Publication: Business Day
Reporter: Steven Friedman
Squires’ 17-month Silence and Other Generally Odd
will protect our judiciary from the judges?
The storm since Judge
Hilary Squires wrote to The Weekender pointing out that words had wrongly been
placed in his mouth since June last year, has highlighted two threats to judges’
independence, one from without, the other from within.
threat comes from those who believe that the test of the judiciary’s worth is
whether it helps Jacob Zuma. Squires, denounced last year by Zuma supporters, is
now a hero of the Congress of South African Trade Unions, in the same way as
Judge van der Merwe was hailed when he acquitted Zuma despite a ruling whose
views on women belong to our unlamented past.
Squires’ letter has also
inflamed some of the worst passions of the presidential succession contest and
has landed the judiciary in a new legitimacy crisis. Since the weekend, we have
been asked to believe that the letter shows that Zuma’s fate has been unfairly
shaped by a media and Court of Appeals which misread the Squires judgment, and
that any further attempt to prosecute him is now untenable.
Little of this holds water.
If no one had
misreported Squires’ judgment, Zuma would still have been prosecuted and
dismissed from the deputy presidency. Squires found that Shaik tried to corrupt
Zuma by giving him money in the hope of favours. While he could not say whether
Zuma was corrupted (because he was not on trial), this presumably convinced the
National Prosecution Authority and President Thabo Mbeki to act. Whether or not
they were on firm ground, there is no evidence that either acted because they
were misinformed about Squires’ judgment.
The claim that the Court of
Appeals was influenced by newspaper editorials rather than Squires’ judgment is
The appeal judgment does not even use the phrase
“generally corrupt relationship” in its main judgment it pops up in a
subsidiary ruling on Shaik’s assets. In its finding on his guilt or innocence it
expresses its view that Squires’ ruling showed that there was “an overriding corrupt relationship” or “sustained corrupt
relationship” between Zuma and Shaik. But it is interpreting Squires, not
Their interpretation of Squires’ ruling is obviously open to
debate and they were clearly guilty of sloppiness in the
subsidiary judgment. But they did not uphold Shaik’s conviction because
they believed Squires had said something he had not. Calls for their resignation
say more about the effect on the courts of the succession contest than about
But, if succession politics has threatened the judiciary,
so has the behaviour of judges.
Despite the halo in which he has been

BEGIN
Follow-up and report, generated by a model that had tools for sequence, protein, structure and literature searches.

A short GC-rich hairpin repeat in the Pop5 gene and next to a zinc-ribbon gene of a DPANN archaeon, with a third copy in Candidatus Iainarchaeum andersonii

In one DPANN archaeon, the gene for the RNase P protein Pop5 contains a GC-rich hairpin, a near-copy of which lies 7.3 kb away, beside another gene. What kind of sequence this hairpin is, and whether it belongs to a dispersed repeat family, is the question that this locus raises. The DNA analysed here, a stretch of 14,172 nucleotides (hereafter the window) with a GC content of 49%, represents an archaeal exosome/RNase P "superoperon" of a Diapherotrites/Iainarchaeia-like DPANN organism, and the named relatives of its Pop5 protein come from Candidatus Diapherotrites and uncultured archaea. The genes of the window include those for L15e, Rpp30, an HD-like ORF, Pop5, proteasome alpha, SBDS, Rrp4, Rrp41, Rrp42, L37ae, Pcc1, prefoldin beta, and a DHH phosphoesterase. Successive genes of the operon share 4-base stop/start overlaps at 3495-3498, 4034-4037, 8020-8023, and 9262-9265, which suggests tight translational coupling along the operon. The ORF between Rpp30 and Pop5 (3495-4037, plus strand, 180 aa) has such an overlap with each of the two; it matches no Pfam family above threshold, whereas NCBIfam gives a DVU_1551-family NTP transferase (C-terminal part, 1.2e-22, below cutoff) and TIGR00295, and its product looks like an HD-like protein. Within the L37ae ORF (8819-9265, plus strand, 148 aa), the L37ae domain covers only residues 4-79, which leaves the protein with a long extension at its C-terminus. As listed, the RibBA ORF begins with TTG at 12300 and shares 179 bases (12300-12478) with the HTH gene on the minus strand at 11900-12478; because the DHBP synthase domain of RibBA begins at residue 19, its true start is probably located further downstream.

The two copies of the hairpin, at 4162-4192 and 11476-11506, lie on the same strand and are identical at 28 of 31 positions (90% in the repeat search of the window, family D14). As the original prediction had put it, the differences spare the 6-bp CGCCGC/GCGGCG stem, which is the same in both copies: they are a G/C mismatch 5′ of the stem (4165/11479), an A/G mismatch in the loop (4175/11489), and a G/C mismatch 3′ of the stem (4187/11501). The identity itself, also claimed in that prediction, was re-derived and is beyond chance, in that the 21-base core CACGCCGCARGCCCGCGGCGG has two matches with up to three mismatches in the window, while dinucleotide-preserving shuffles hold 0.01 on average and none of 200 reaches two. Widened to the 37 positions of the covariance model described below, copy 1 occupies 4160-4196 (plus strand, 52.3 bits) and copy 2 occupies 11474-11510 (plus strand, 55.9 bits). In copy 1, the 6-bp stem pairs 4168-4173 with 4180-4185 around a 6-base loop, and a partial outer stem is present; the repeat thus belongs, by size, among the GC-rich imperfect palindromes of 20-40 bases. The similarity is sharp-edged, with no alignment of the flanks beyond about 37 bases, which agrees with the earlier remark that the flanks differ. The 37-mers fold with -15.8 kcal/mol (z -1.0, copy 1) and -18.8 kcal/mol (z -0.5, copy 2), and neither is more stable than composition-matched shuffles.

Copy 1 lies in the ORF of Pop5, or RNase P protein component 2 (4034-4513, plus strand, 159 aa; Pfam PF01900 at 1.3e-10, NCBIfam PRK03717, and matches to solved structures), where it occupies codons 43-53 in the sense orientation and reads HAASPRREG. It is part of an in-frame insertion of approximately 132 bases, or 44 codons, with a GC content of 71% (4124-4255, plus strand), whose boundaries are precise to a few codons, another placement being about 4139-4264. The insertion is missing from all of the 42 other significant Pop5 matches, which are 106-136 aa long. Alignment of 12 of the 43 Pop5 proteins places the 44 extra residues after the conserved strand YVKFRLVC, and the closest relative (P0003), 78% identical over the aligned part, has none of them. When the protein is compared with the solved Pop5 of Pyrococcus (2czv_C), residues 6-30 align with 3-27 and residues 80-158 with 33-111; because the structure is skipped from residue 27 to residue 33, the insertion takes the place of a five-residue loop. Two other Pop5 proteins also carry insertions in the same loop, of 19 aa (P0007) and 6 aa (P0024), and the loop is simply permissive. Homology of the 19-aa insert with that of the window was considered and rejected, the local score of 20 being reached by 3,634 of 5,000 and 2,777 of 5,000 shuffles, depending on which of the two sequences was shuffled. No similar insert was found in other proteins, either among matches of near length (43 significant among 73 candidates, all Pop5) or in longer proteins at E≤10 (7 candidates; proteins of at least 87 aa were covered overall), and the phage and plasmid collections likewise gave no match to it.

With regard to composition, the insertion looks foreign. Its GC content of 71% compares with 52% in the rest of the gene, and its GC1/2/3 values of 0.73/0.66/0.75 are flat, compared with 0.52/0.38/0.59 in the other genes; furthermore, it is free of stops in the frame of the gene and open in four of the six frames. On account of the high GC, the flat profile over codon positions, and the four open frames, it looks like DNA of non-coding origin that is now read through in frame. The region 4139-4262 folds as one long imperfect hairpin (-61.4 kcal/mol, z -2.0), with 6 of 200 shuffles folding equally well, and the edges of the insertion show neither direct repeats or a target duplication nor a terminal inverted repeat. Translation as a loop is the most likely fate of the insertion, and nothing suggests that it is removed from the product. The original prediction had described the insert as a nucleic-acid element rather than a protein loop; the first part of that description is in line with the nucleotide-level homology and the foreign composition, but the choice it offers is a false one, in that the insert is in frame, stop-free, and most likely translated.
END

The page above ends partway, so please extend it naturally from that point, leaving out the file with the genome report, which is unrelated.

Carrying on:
enshrined, Squires has much to explain. That his judgment was so often
misreported is an embarrassment for the media. But why did
he remain silent for 17 months?
Squires says he did not want to
point out the error when Shaik’s appeal was pending but he also says he raised
it with the editor of this newspaper earlier this year, before the appeal was
settled. The editor cannot recall this making it another issue on which we
need answers but why did a judge who says he did not want to ask for a
correction until the appeal was over also say he asked for one before it was? It
is also hard to understand why the fact that an
appeal was pending should preclude a judge from correcting an error. Much damage could have been avoided if Squires had pointed
it out when it first appeared. By failing to do so, he has arguably let down the
country and placed the judiciary in peril.
He may have been motivated by
an attitude common in the judiciary and as dangerous to its future as the view
that judges must favour particular politicians: the insistence that judges
remain above and beyond society for fear of being tainted.
His failure to
write a simple letter correcting a dangerous misinterpretation created dangers
for society and judges themselves. In the light of this, the largely uncritical
response to Squires is hard to understand.
Second, while the appeal
judges have been unfairly accused on one count, they do have a case to answer
in addition to their carelessness in their subsidiary ruling. When considering
Shaik’s sentence, they quote Squires saying that he sought to “intensify corrupt
activity and at the highest level in the confident anticipation that Jacob Zuma
may one day be president”. But a search of Squires’ ruling failed to find this
phrase. So the appeal judges may again have placed words in his mouth.
The campaign against them is disingenuous and
exaggerated but it is right to insist that they account for what appears
to be errors in if not of judgment. We need an independent judiciary, not
one which does the bidding of powerful constituencies, but we will have one only
if judges recognise that accounting to society is key to winning public
Friedman is a research associate at the Institute for Democracy
in SA and is visiting professor of politics at Rhodes University.
With acknowledgements to Steven Friedman
and Business Day.